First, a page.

2006 Midterm Elections Spell Changes for Urban Forestry

Washington, DC (November 13, 2006)- Last week’s election will change the composition of the appropriations committees that fund federal forestry programs, including the USDA Forest Service’s Urban and Community Forestry program. Several senior appropriators were not re-elected, resulting in vacancies, and additional openings may be created if current members take on new committee assignments.


In the House, several members of the Interior and Related Agencies sub-committee did not get re-elected. These outgoing Republican members include: Rep. Taylor of North Carolina (Chair), Rep. Sherwood of Pennsylvania, and Rep. Istook of Oklahoma. As chair, Representative Taylor took a strong interest in traditional forestry concerns while Representative Sherwood was a long-time supporter of the U&CF program, particularly within his home district in Northeastern Pennsylvania. In the Senate, Interior Appropriations Subcommittee Chair Conrad Burns of Montana lost a close race to Democratic candidate John Tester.
As Democrats assume the majority in both the House and Senate, we are hopeful that conservation programs, including the suite of cooperative State and Private Forestry programs, will see an end to the steady cuts of the last five budget cycles. Many states are experiencing budget cuts as a result of shrinking appropriations paired, in some cases, with impacts from the program’s new allocation methodology. Smaller budgets have profound consequences for the local communities that rely on state technical and financial assistance. In several cases, states are projecting 50% cuts or elimination of their state cost-share grant programs. This severely impacts local government programs and grassroots projects.
You can take action by urging your Representative and Senators to get involved in the 2007 U&CF budget, which has still not been finalized. If your new representative has not yet taken office, now is a great time to let him/her know about your issues. Looking ahead to the FY 2008 budget, you can let your elected officials know that the U&CF program really needs a $50 million budget to address the nation’s needs.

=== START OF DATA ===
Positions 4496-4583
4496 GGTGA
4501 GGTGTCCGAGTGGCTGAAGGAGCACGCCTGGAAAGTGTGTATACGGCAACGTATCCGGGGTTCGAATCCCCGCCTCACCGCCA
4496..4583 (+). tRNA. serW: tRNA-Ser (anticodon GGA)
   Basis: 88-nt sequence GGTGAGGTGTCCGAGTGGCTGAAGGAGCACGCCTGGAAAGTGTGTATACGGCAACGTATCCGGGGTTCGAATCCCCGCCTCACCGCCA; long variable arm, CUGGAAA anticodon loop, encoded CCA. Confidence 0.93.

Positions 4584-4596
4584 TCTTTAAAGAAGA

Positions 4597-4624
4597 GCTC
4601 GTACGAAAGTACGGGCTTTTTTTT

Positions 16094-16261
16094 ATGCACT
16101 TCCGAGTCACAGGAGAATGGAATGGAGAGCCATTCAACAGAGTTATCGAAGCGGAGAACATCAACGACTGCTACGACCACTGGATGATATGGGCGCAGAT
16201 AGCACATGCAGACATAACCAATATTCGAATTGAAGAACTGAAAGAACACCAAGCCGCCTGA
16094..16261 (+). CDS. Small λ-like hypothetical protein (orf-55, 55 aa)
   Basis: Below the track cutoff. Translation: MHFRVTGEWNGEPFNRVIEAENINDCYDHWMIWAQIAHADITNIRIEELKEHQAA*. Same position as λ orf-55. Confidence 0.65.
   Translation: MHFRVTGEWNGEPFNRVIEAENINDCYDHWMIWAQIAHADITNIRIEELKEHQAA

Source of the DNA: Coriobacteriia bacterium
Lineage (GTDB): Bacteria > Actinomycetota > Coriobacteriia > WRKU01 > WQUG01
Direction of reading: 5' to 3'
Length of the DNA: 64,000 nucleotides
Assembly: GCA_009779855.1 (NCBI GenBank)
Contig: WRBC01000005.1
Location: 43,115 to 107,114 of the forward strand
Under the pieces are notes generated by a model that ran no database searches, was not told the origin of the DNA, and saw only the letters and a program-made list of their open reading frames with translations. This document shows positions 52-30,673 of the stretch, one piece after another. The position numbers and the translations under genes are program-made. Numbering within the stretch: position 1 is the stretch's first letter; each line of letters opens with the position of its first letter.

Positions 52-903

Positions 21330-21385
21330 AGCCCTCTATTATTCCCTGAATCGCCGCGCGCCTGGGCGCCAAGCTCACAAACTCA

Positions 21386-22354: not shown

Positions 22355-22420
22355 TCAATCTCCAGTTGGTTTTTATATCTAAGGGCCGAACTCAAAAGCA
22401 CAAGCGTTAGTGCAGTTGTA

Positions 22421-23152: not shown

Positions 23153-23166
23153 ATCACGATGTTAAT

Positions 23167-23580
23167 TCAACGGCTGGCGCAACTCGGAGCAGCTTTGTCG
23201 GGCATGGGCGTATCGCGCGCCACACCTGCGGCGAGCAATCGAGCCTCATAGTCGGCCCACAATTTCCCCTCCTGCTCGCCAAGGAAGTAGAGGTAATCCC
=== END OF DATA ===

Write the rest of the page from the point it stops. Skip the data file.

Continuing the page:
Just because there has been a change in majority leadership does not mean that U&CF programs will automatically receive budget increases. U&CF is a relatively small program with a low profile, and the federal budget remains tight. In addition, U&CF has historically been a non-political program supported by both sides of the aisle. Advocates will need to re-educate new members of the Interior Appropriations Sub-committees to make them aware of the positive value of the U&CF program and the need for continued federal leadership.
A great way to begin this education process is to invite your local congressional staff-members on a personal field tour to discuss urban forest issues in their district. Most will not be aware of the tangible benefits trees provide to their constituents, and even fewer will be aware that there is a federal program available to help address your community’s needs. Cultivate a relationship with local congressional staff by placing them on your newsletter mailing list, sending event invitations, and requesting a meeting (at least once a year) in which you brief them on your local projects and key urban forest issues for the district. Consider bringing a well-informed team (no more than 2-3 people) that can speak to the major issues. It would be especially useful to bring your state forester with you, since he/she administers the federal U&CF program in your state.
Related Resources:
2006 Election Results for All States

House Appropriations Committee Members

Senate Appropriations Committee Members

Basic Protocols for Communicating w/Congress